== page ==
Leaving the comforts of a firm, the luxury of having a large support staff, colleagues, and never having to worry about overhead, case expenses, payroll, etc. is not easy. But it is rewarding. I wrote about going solo recently and now I’d like to share stories of other young lawyers who decided to hang their own shingle. If you’d like to share yours, let me know.
First up is a fellow personal injury lawyer and UB Law alumn, Nick Parr.
On a Wednesday, my wife Katy and I found out we were pregnant with twins. Two days later, during a drive to the beach, I told my wife I was leaving the firm I was with for five years and starting my own practice.
The decision to go out on my own was scary but it felt right. I worked as an associate at personal injury law firms since I was sworn in in 2010. For my first two years, I was an associate at a personal injury law firm in Howard County. I cut my teeth in district courts in Montgomery and Prince George’s counties. (At that point, anticipating traffic and knowing where to park were just as important as the rules of evidence.) For the next five years, I was an associate at a Baltimore personal injury firm. It was there that I learned how to run a firm and how to get clients.
There came a point, however, where I thought I could run things better if I was given the opportunity. That did not happen. I had two options. One option was to go to another firm, but in my experience that was like jumping out of the frying pan and in to the fire. The other option was to start my own firm, The Law Offices of Nicholas A. Parr.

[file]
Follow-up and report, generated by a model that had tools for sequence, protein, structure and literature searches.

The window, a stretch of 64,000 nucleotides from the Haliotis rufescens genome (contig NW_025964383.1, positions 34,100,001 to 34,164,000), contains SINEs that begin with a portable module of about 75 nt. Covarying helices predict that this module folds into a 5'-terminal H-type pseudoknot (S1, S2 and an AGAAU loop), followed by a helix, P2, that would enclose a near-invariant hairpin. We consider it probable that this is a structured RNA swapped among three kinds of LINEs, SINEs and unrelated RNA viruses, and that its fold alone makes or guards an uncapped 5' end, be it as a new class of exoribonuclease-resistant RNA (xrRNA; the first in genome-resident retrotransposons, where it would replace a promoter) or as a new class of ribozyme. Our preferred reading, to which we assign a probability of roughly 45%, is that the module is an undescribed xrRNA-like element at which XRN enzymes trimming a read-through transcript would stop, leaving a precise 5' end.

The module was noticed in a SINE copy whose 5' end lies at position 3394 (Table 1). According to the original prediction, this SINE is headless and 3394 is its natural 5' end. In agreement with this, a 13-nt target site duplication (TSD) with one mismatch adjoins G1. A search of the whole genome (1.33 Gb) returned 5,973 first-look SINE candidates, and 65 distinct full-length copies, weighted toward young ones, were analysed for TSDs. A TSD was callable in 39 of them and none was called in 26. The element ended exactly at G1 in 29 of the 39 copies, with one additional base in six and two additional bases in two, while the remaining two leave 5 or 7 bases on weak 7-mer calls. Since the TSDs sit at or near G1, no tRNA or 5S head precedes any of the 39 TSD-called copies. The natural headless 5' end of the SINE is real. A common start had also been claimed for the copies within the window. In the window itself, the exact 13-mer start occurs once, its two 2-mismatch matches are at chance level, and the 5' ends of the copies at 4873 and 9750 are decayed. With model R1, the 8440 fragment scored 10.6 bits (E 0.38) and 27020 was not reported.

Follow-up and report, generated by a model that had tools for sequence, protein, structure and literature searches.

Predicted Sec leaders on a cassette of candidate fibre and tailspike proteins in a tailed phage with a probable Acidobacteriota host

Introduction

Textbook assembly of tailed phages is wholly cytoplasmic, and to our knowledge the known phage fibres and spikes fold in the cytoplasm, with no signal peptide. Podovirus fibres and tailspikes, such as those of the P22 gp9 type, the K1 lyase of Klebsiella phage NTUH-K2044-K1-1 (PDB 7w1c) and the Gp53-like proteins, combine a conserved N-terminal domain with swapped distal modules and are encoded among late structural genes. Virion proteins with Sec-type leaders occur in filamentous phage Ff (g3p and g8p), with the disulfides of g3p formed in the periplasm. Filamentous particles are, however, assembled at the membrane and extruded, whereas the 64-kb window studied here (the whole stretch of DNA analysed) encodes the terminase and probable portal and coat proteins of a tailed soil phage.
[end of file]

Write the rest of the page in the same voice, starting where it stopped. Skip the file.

So, from the moment I told my wife my plans, I had a six-month window to lay the foundation for a successful practice before my son and daughter arrived. I had to move quick!
When you go out on your own, it does not hurt to have a little luck on your side. On the same day I decided to start my own practice, a friend from law school asked me to meet him for happy hour. Brandon Mead told me his firm, Mead Law P.A. in Baltimore, had an office open. He and his mother, Margaret, offered me the opportunity to share office space, use their firm’s equipment and handle personal injury matters for their clients. A corner office on the 24th floor of One N. Charles St. was a far better alternative to working from home or setting up from scratch. Not only was the office great, but the opportunity to work alongside the Meads was like floating in an open ocean and suddenly being thrown a life raft.
I solved a huge problem right out of the gate by finding space but there were plenty more items to check off my list. I didn’t have to worry about health insurance; my wife had that covered. I made a list of immediate necessities and six-month goals. Immediate necessities included malpractice insurance, bank accounts, fee agreements, medical authorizations, letterhead, business cards, a website and logo and branding. Six-month goals included a certain number of clients and a paralegal. Luckily enough for me, I had about a dozen decent cases to take with me from my prior firm. Those cases and some criminal defense work kept me afloat for the first couple months.
Over the past seven years, I would sometimes ask myself, “Why did I go to law school?” Now that I opened my own practice, I finally have a good answer. Going solo was a risky move, but the biggest risk would have been not taking one.
Six months later, though, I realize I forgot one thing: Does anybody know a good nanny?